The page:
10. Brad says: 13 comments

    What a beauty! So sad for it to be in such rough shape. I noticed there were a couple other houses down the street hiding in the woods (barely visible)… but otherwise seems like a nice little town. And just a hop, skip, and a jump away from Austin…it’s not in a bad spot.

  11. John Shiflet says: 5357 comments

    Not much that I can add to what Audrey and others have already said. I was frankly surprised to see it still standing given it was going to be salvaged piecemeal and incorporated into an Austin area beer garden. I now put this former church into the labor of love category. It once meant so much to the community of Bartlett (itself an amazingly well preserved turn of the last century town that has been in several movies because of its historical integrity) but there hasn’t been enough investment locally for the full historic potential of the place to be realized. The very old (patterned?) wood shingle roof is clearly failing so action to stop damages from the elements needs to happen ASAP. I think the former church could be repurposed in a way that would retain its connections to the past. It would not surprise me to also learn that this Church was a mail order plan. Even George F. Barber advertised plans for Churches in popular magazines although I wouldn’t begin to know where to look for this particular design. I’m praying and keeping my fingers crossed for this one.

  12. Kelly, OHDKelly, OHD says: 11871 comments

    1901 Folk Victorian
    Chestatee, GA

    I’m actually crying now. According to this article the church caught fire when the home next door did. It says it was “lost” so I assume that means the church as well.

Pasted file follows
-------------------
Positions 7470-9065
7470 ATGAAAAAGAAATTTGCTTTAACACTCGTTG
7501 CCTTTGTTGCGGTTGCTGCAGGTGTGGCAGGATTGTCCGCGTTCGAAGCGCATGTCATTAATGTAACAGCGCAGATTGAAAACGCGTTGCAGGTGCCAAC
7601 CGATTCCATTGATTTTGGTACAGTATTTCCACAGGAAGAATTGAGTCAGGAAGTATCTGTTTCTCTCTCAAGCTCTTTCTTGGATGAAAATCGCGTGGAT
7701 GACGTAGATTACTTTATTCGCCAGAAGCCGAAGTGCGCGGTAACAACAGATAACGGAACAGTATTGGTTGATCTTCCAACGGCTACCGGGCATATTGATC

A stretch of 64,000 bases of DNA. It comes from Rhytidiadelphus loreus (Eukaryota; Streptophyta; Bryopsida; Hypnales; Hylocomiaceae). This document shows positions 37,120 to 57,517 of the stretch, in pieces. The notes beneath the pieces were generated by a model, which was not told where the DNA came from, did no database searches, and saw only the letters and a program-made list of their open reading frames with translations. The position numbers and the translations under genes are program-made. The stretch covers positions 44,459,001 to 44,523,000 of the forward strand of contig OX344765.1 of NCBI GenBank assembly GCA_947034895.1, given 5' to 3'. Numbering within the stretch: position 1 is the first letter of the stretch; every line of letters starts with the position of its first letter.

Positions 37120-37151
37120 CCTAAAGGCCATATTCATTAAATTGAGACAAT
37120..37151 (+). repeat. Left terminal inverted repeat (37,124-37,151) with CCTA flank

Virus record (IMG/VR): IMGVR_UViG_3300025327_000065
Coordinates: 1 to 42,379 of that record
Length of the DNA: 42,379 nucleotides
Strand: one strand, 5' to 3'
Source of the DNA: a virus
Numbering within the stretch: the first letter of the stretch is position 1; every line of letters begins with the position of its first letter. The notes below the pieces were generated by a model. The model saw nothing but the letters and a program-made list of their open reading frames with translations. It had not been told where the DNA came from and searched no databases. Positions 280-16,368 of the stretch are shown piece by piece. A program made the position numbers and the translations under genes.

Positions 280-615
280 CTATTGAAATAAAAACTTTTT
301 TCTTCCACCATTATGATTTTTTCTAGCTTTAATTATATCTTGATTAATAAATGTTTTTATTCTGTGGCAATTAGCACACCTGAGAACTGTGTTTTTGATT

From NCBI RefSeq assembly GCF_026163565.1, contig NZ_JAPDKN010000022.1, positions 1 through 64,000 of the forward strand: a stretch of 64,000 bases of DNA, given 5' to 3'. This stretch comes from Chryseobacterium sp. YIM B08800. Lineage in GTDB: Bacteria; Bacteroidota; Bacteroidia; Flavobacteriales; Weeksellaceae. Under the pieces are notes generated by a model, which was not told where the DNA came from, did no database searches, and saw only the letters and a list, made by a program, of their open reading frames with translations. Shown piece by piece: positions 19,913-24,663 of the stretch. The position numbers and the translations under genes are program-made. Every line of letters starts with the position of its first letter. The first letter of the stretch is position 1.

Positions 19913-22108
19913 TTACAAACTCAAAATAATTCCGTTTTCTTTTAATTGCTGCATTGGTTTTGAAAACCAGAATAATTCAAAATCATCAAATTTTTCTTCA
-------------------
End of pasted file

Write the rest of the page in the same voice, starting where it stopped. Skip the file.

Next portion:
Street view to mirror the news article:

    • Kimberly62Kimberly62 says: 1917 comments
      OHD Supporter

      1936 Cabin

      What a sad, sad story. To see pictures of that building and then to see it helpless and lost. I feel for the firefighters and that community. How many memories must have been in that church.

    • JimHJimH says: 5101 comments
      OHD Supporter

      Sad, and the fact it was “newly restored” after being in pretty bad shape makes it even more so. God Bless those who tried to save it.

      • Kelly, OHDKelly, OHD says: 937 comments

        1901 Folk Victorian
        Chestatee, GA

        If my memory is correct this was the church that may have been demolished if not for the current owner buying it. It just sucks, this one was saved! Damn fire.

  13. John ShifletJohn Shiflet says: 5357 comments
    OHD Supporter

    1897 Queen Anne Colonial
    Cadiz, OH

    Since I’ve seen this fine Church in person, I too am deeply saddened. Irreplaceable doesn’t begin to describe this community landmark because the collective memory of the community it served went up in smoke as well. I had always believed this church design was from a planbook or other published source.

  14. AudreyAudrey says: 100 comments

    Yes Kelly, it’s devastating.
    I heard of the fire from the owner, shortly after. She is brokenhearted. I have thought of little else since Sunday. I literally am not able sleep for thinking of it.
    I had visited the church in June and it was majestic and breathtaking. Truly a unique structure that she had worked a miracle on. Few would’ve agreed it was savable, but she put her heart & soul, and blood, sweat and tears into it. She inspired a town and they will not forget.
    It is tragic, and I feel at a loss to make sense of it all. The church was almost quietly destroyed in 2013 with not one peep. Dismantled and carted off for salvage. I was hell bent that that COULD NOT happen and succeeded in stopping it and saving it! Then after a few rocky years of uncertainty, it was to be sold! I sent it you, and lo and behold, on a historic home renovation group were both members on on fb, a woman posted your link and said that she was so excited to be looking at it! I was thrilled to connect with her. She visited, fell in love and offered on it immediately. There were more bumps with the title, but the deed research I did in 2013 proved useful as she sent it to them and she cleared title! All was wonderful! The church would be safe!

    Now all is lost. I hurt for her and for the town.

    I hadn’t seen your articles. Thanks for posting.

    I can share restored photos with her blessing. I also took a video.